CAREER HIGHLIGHTS

 

SUMMARY

I am a software engineer who has been developing software for 20 years. Making video games is my passion; it is what makes me want to get up every morning and go to work. In addition to this, I also have an extensive background in visual art and design (traditional and digital media) and am a percussionist. I am also attempting to learn Japanese and am working every day to improve my skills in that area.

CAREER OVERVIEW

Currently I work as a Senior Software Engineer and am responsible for the design and development of both server- and client-side products. To date this has included the development of an HTML5 game engine using TypeScript as well as a server back-end developed in C#, which is responsible for millions of transactions on a daily basis.

Previously I have worked in web development in both freelance and profesisonal capacities since 2005. I am proficient in both server- and client-side development in addition to database development. Most of my background revolves around languages and frameworks such as C, C++, C#, VB.NET, ASP.NET, the .NET framework, PHP, HTML, CSS, JavaScript, TypeScript, MSSQL (SQL Server), mySQL as well as many others. I have also done some Android development and currently have an app out on Google Play. It is available here.

Most of my game development work has been on independent projects over the years. I have experience using game engines such as Torque, Unreal 2004/3/4, and previously developed a product on the XNA platform. I am proficient at low-poly modeling, unwrapping, texturing, scripting and programming for games. I also have some experience writing plugins for applications such as 3D Studio max.

I have a firm understanding of the Windows operating system and hardware as well as knowledge in Mac OS and Linux, although admittedly somewhat limited.

 

Who is Travis Vroman?

Born in Virginia but raised in Florida, I have been around for 3 decades. From a young age I have had artistic talent and a knack for the usage and understanding of computers. I began writing programs in Microsoft QBasic at the age of 7 on a 486 with a monochrome monitor (good ol' green and black!) and an installation of MS-DOS 6.22. I spent much of my time as a youngster writing programs and loved every minute of it.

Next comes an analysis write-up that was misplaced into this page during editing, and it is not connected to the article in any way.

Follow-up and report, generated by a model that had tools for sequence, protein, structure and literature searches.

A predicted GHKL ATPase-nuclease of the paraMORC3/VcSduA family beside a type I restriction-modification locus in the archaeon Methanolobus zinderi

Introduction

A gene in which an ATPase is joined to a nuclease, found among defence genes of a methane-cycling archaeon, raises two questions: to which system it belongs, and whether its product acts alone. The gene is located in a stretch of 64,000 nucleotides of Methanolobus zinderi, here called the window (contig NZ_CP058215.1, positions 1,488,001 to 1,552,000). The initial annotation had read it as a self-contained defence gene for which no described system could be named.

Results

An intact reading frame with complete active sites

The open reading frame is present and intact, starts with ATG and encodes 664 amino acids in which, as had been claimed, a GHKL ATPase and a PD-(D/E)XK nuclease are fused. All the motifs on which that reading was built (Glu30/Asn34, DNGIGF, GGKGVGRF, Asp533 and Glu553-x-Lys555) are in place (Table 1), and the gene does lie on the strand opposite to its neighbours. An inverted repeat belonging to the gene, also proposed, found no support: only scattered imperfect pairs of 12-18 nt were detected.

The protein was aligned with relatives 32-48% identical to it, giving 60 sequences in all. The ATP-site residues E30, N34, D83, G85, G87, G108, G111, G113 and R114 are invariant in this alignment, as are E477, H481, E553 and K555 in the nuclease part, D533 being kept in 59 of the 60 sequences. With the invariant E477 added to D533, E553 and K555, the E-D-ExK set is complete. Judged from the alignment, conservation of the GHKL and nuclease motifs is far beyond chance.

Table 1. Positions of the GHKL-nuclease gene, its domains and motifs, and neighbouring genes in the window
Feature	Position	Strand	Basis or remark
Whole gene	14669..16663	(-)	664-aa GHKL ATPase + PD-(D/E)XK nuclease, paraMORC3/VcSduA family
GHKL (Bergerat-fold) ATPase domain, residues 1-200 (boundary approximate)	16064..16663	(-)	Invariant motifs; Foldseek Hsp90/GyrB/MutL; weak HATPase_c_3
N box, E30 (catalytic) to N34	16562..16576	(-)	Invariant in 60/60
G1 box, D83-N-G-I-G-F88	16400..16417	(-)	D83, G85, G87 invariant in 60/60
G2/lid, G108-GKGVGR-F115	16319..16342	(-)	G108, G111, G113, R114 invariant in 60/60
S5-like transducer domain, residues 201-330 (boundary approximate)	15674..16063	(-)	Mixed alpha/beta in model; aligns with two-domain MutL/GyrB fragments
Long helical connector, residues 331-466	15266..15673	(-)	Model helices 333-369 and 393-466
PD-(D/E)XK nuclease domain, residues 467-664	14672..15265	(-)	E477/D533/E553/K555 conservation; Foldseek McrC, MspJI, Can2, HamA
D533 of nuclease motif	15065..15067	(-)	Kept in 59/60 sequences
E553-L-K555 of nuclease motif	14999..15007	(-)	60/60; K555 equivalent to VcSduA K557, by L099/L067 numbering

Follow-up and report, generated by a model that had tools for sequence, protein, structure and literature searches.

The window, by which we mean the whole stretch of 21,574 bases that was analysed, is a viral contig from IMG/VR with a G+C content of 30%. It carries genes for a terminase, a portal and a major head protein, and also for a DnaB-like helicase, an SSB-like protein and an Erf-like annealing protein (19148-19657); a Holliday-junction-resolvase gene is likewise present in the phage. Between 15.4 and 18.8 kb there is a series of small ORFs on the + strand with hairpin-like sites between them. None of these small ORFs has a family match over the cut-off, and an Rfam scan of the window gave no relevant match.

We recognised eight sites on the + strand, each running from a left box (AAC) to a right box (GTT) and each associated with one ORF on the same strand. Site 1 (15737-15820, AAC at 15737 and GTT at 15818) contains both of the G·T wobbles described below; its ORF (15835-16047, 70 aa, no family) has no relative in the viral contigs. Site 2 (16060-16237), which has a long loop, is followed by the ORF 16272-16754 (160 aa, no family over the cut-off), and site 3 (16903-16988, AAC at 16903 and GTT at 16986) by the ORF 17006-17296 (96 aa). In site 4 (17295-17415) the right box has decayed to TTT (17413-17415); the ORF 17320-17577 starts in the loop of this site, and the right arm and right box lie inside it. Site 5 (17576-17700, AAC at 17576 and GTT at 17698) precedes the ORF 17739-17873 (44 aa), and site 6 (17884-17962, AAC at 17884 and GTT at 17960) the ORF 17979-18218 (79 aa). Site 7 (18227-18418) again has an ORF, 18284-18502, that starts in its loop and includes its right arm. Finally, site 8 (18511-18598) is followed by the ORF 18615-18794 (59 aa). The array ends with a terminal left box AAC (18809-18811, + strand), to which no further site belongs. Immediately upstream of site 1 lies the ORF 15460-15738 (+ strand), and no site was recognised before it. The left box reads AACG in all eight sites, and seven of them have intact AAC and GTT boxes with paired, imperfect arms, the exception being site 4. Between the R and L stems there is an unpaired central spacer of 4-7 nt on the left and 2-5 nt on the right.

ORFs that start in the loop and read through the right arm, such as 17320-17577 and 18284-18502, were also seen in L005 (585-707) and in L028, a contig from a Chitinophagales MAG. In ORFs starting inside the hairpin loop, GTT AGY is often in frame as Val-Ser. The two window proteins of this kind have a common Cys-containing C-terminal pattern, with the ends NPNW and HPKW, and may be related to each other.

I was very fortunate to have a supportive father and supportive grandparents with whom I lived with on an off over the years. My grandmother in particular always pushed me to do my best and to keep raising that bar. Having someone in your life to guide and push you to improve and support you can be the most powerful influence in your life.  

I then went to an art school for middle and part of high school, where I made the descision that art was not the career I wanted to persue (at least not in the traditional sense).

I later decided that I wanted to persue game art as a profession which led to my enrollment in the Game Art and Design program at the Art Institute of Fort Lauderdale. College was a tough time for me. My grandmother developed Alzheimer's disease (or so we believe, there's not really any way to prove it 100%) and it was a real eye-opener for me. At first I struggled with this and with school as a result, but eventually it pushed me to finish college while I still had time with her. I graduated in 2009 and could see that I made her proud. She passed away in 2015, and I still miss her so much to this day. I owe much of my success to the foundation she provided. Here's a picture of me about 2 weeks before graduation:

Here's one of the oldest photos I still have of myself, writing code circa 2008:

Yes, I had long hair! In fact, this wasn't the longest it got. It was down to my waist at one point. I grew it out and cut it off twice, donating it both times to cancer patients.

It was in these years that I worked as a computer technician at CompUSA. My knowledge of the underlying tech in computers greatly expanded during my time there, and the experience gained there was invaluable.

Most importantly, though, it was also the place I met the woman who would later become my wife! Sherlyn is the best friend and partner I could ever have asked for, and has been a key part of our success as the awesome team that we are. At the time of writing we have been happily married for 5 years.